Insulin for Type 1 Diabetes Lab Report
Insulin, an amino-acid based protein, helps make up a larger polypeptide chain, proinsulin, which is located within the beta cells of the pancreas. Enzymes release the insulin from the larger proinsulin chain just before it is secreted from the beta cells. Insulin’s main function is to lower blood glucose levels by speeding up the membrane transport of glucose from the blood and into the body’s cells, for use for energy or conversion to other storage forms, like glycogen or fats.[i] It also acts as an inhibitor to glycogen by not allowing it to break down into glucose and thus counter acts any metabolic activity that would increase the plasma levels of glucose.[ii] This experiment will study the effects of insulin on a normal rat, and on a rat that has been induced with Type 1 diabetes. Type 1 diabetes is an autoimmune disorder in which the body attacks the insulin producing beta cells of the pancreas. The pancreas is then incapable of producing insulin, and thus the body’s blood glucose levels become elevated.[iii]
Based on the given information for type 1 diabetes, in this report, a hypothesis can be made that insulin given to a subject with type 1 diabetes would help lower his or her blood glucose levels while insulin that is given to a normal subject will have no effect.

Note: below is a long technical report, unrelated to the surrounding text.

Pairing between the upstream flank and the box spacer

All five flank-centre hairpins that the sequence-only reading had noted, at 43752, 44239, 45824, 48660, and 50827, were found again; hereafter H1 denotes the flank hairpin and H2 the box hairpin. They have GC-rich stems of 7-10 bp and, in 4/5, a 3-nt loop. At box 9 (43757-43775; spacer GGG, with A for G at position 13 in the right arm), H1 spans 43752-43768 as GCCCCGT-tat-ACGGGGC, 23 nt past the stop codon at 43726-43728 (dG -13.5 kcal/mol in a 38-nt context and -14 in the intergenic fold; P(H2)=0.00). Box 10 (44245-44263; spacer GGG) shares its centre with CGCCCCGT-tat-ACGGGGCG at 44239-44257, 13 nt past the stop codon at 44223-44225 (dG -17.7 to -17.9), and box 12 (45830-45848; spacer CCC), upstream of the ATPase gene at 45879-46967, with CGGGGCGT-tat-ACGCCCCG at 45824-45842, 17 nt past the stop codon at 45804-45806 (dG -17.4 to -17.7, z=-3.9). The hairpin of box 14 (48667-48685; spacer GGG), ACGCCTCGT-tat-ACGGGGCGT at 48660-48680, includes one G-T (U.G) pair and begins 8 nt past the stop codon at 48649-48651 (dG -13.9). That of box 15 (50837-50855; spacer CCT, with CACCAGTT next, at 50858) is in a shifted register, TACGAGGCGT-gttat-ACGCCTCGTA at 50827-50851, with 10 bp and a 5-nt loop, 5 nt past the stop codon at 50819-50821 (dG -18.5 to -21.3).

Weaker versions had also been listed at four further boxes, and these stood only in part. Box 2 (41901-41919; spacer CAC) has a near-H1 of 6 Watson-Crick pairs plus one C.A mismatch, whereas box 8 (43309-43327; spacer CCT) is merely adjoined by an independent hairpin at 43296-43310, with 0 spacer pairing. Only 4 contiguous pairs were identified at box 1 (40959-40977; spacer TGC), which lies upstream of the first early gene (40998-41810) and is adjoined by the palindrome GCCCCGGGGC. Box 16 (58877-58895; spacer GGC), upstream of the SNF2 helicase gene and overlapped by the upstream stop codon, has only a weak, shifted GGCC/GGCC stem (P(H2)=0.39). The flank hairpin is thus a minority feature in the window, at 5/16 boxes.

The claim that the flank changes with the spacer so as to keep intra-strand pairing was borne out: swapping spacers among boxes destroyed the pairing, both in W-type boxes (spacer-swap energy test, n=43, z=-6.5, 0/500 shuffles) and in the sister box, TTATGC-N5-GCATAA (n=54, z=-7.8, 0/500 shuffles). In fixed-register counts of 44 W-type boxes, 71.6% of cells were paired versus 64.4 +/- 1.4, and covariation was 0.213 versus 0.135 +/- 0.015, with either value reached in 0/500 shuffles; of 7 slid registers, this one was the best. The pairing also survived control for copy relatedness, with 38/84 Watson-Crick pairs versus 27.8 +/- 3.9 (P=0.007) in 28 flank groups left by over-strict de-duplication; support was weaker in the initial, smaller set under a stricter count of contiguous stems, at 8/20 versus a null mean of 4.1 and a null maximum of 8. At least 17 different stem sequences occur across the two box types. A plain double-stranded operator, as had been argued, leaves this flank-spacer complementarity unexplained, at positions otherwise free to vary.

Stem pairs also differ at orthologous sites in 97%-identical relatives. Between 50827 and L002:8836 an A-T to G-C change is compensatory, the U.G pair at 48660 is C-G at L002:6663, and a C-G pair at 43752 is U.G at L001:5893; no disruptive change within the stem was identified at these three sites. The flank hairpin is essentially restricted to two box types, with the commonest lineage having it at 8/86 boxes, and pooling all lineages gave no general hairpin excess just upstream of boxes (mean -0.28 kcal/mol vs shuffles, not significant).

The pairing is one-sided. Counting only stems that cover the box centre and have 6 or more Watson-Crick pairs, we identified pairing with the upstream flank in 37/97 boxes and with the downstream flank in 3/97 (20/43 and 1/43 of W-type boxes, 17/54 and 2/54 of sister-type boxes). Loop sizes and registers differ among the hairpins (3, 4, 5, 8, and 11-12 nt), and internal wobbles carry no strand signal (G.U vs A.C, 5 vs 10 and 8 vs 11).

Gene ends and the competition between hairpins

Materials and Methods
Experiment 1: • Spectrophotometer • Centrifuge • Incubator • 5 test tubes • Pipettes • Tweezers • 1 bottle of Glucose Standard • 1 bottle of deionized water • 1 bottle of Enzyme Reactor Agent
5 test tubes were filled with glucose standard. The first tube received 1 drop of the glucose standard, the second, 2 drops and so on. Each tube, receiving one drop more than the last. Deionized water was added to tubes one through four, with tube one receiving 4 drops, tube two: three